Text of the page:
Thirdly, although in view of the aforesaid conditions Russia will be benefitted by offering its help to the central government of Iraq in its faceoff with the ISIS militants, it will be also able to use this as an excuse to return to one of its important and old spheres of military and economic influence which Russia had lost years ago. Like Syria, Iraq was one of the countries in the Middle East whose governments were inclined toward the former Soviet Union. As a result, most of the military and economic infrastructure in these countries had been adapted to structures that prevailed in the former Soviet Union and subsequently in Russia. Following the invasion of Iraq by the United States in 2003 and during the past 10 years, the Americans spared no effort to totally change that infrastructure and make the country completely dependent on the American industries and products. The sudden and rapid advance of the ISIS in Iraq and the United States’ failure or unwillingness to send necessary military equipment to help the central government in its fight with this group have provided Russia with a new opportunity. By taking advantage of this opportunity, Moscow can not only pursue its ideological and political goals in fighting terrorism, but has been also trying to once more find a secure foothold in Iraq under the pretext of helping the central government in Baghdad.

Fourthly, the Iraqi army is more comfortable and better experienced in using Russian structures as well as combat equipment. Since the core of the Iraqi army has not changed a lot, they are still more comfortable with the Russian equipment. In spite of all their promises to the government and army of Iraq for training their forces, the Americans did not fulfill those promises in the best way they could. For years, they have been saying that Washington is going to provide the Iraqi army with F-16 fighter jets as well as Apache helicopters. However, these promises have not been met so far. On the opposite, only one week after Russia announced its decision to send military equipment for the Iraqi army, Moscow delivered ten Sukhoi fighters jets and several helicopter gunships to the government of Iraq.

Fifthly, apart from other benefits that Russians reap through helping Iraq, they have also an eye on the profits resulting from selling arms to the government in Baghdad. Russia is in conditions when it is badly in need of financial resources and it is sure to sign contracts with the Iraqi government for any services that it provides the Arab country and will be paid for those services. From this viewpoint Russia’s help to Iraq seems to be more meaningful.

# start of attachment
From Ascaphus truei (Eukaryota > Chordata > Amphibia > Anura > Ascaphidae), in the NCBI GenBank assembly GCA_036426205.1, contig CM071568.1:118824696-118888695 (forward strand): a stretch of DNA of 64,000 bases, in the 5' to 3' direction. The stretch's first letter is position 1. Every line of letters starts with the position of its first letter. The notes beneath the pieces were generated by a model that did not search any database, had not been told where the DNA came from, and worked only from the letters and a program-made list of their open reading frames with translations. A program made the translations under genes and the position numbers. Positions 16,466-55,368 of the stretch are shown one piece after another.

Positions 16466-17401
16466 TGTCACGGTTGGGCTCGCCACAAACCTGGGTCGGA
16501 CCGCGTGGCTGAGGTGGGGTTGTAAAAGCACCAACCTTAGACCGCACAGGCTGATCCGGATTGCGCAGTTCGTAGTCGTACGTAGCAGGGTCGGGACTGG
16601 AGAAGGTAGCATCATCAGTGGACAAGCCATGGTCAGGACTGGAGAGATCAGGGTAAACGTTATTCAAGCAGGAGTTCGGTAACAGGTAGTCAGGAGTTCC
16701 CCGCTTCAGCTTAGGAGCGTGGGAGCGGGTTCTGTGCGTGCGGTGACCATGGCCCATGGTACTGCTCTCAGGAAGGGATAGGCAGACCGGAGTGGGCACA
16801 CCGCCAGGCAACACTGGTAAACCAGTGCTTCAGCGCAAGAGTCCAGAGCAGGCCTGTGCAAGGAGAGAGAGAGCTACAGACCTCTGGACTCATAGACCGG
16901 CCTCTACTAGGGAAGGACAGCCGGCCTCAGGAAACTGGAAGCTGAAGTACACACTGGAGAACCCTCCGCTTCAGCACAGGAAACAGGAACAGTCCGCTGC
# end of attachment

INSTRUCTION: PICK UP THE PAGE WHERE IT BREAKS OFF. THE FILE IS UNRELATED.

Sixthly, another goal that Russians pursue in Iraq is to show off before the world Russia’s maneuvering power and its ability to take rapid action in contrast to weakness and dawdling by the Americans. In other words, by showing rapid reaction to the call for help from the Iraqi Prime Minister Nouri Al-Maliki, the Russians are trying to prove that when it comes to fighting terrorism, they are more pragmatic than the Americans and are more agile and capable in practice compared to their American counterparts. This issue combined with the pressure that the Arab countries have been putting on Obama because of his inability to resolve the crisis in Syria in their favor, can further undermine Obama’s standing more than before both inside the United States and at international level.

Seventhly, by appearing proactive in Iraq, the Russians are trying to relay two different messages to their friends and enemies. One the one hand, they want to send a heart-warming message to the allies of Russia in the region, especially to ethnic Russians in Ukraine, giving them hope that Moscow is a very reliable source of support and they can reckon on Moscow’s help in time of need. On the other hand, they send a warning message to opponents of Russia and those players that aim to disturb security and stability in the region by telling them that Russia will by no means compromise on the spread of terrorism that has its roots in Sunni fundamentalism and radicalism.


Source: Khabaronline News Website
Translated By: Iran Review.Org

More By Mohammad Reza Noroozpoor:

*What Brought Erdogan to His Current Predicament?:

*Why Turkey Backed Down from Past Positions on Syria?:


Editor of International Section of Khabaronline News Website